Kirk Jones’s remake of 1990 Italian drama Stanno Tutti Bene received a less-than-enthusiastic response from some critics when it was released last year, but I found it an enjoyable, involving and at times moving experience, with a beautifully restrained performance at its core from one of the industry’s best actors.
Robert De Niro plays widower Frank, a man who fears he is losing touch with his grown-up children. Amy is a high-flying advertising executive (Kate Beckinsale), Robert works in an orchestra and Rosie is a stage-performer in Las Vegas. But it is his son David about whom he worries the most. David is an artist living in New York, but has stopped returning his father’s calls. So when they all cancel on him at the last moment (just when he’s putting together a brand new barbecue for their family get-together) he decides to pay each of them a visit. He finds that everybody is far from fine. Some of the problems his children are living with are subtly depicted (Amy acts strangely around her partner and Rosie isn’t being entirely truthful about her private life) and some are not so subtle (the empty apartment in New York where David should live and his son’s less-than-exciting orchestral career). All of these issues are played out well by the supporting cast, giving way to some touching father-to-child moments when Frank visits them, travelling from state to state to track them down.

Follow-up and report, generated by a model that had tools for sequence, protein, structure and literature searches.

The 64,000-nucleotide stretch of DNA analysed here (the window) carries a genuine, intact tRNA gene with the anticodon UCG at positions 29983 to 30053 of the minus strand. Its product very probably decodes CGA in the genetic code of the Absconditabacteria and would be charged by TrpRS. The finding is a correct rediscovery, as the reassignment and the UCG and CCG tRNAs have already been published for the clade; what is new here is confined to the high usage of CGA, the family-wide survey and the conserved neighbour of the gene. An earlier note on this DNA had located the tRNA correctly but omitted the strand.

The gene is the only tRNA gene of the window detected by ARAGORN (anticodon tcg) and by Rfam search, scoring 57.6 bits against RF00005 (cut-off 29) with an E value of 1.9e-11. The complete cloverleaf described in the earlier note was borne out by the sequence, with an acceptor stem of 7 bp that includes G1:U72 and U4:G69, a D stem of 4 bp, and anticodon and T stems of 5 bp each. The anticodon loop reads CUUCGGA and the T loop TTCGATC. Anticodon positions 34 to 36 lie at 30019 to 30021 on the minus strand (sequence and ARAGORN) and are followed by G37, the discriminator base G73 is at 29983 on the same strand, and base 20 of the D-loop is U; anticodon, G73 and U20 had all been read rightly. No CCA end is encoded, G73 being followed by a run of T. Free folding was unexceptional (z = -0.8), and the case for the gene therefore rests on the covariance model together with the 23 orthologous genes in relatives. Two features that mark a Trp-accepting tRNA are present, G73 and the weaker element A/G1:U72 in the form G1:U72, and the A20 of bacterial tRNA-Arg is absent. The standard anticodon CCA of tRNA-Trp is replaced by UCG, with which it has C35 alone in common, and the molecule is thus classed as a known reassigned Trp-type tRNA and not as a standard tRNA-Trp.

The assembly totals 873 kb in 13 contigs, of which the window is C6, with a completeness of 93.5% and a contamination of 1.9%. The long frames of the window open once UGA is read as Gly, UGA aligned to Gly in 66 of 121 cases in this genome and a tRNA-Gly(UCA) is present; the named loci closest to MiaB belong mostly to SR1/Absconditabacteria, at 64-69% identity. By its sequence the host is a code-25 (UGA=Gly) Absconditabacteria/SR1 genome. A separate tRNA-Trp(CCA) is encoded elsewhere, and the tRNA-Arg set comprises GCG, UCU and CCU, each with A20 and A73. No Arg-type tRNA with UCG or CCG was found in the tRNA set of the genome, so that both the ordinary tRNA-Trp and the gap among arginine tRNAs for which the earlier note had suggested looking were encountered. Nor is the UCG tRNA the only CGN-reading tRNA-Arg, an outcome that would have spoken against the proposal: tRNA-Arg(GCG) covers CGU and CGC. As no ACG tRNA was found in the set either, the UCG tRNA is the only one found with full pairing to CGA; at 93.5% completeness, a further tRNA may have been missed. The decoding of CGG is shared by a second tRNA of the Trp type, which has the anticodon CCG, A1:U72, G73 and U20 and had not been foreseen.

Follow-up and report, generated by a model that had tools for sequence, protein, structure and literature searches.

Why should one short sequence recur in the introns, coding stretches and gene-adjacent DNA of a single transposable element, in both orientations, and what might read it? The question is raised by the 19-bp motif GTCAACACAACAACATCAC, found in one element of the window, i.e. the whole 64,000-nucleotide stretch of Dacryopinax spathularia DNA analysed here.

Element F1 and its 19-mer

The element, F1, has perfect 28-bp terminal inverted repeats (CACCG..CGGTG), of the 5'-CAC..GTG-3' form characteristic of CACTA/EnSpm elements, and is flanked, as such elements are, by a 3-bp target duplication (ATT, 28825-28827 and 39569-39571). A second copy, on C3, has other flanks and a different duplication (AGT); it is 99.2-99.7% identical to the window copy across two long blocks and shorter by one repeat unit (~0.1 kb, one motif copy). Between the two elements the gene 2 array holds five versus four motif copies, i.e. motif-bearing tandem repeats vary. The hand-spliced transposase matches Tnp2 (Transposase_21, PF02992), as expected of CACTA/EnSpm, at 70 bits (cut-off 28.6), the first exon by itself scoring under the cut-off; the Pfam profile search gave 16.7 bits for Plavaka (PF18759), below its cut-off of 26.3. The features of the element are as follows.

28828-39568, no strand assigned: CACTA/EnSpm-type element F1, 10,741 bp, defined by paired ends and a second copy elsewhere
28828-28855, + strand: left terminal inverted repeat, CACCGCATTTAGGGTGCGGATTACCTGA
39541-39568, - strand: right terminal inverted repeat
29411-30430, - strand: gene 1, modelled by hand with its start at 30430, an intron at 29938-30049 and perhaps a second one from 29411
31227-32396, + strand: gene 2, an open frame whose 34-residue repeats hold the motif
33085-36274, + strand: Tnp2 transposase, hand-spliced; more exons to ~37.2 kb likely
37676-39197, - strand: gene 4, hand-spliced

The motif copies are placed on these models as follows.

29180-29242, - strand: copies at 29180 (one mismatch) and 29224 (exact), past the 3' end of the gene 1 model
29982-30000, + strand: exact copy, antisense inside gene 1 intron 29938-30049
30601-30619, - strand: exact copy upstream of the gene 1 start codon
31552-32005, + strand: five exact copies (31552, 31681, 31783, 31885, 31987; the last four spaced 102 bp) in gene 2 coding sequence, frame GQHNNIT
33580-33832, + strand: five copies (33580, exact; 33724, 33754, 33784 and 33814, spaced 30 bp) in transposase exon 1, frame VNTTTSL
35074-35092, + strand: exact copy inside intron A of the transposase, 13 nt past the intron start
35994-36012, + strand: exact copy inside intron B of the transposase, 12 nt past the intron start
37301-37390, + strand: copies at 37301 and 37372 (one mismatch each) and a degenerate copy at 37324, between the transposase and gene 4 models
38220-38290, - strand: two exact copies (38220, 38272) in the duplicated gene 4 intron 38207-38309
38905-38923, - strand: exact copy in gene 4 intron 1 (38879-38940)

It is shame that it doesn’t all work. There is a rather unconvincing scene where Frank imagines he is talking to his kids when they are all children, asking why they all lie to him and don’t share their problems. It’s a well-meant moment that isn’t wholly successful, and jolts with the smoothly melancholic tone the film has set up from the start. There is also some cliché plundering when it comes to the ‘issues’ his children are dealing with.
There is of course the argument of “why bother remaking the film, just because it’s in another language?”. I usually condemn Hollywood when they rehash a foreign classic just so people can avoid subtitles, but in this case I feel the transition works. This is a film about both cultural and family values so it is interesting to see it rewritten for another country. It has also been twenty years since the original — a respectful amount of time to let pass before setting about to make an English version.
Everybody’s Fine is unlikely to be remembered as one of De Niro’s career bests, but it’s still a commendable and memorable addition to his accomplished CV.
Everybody’s Fine (2009), directed by Kirk Jones, is available on DVD from Lionsgate, certificate 12.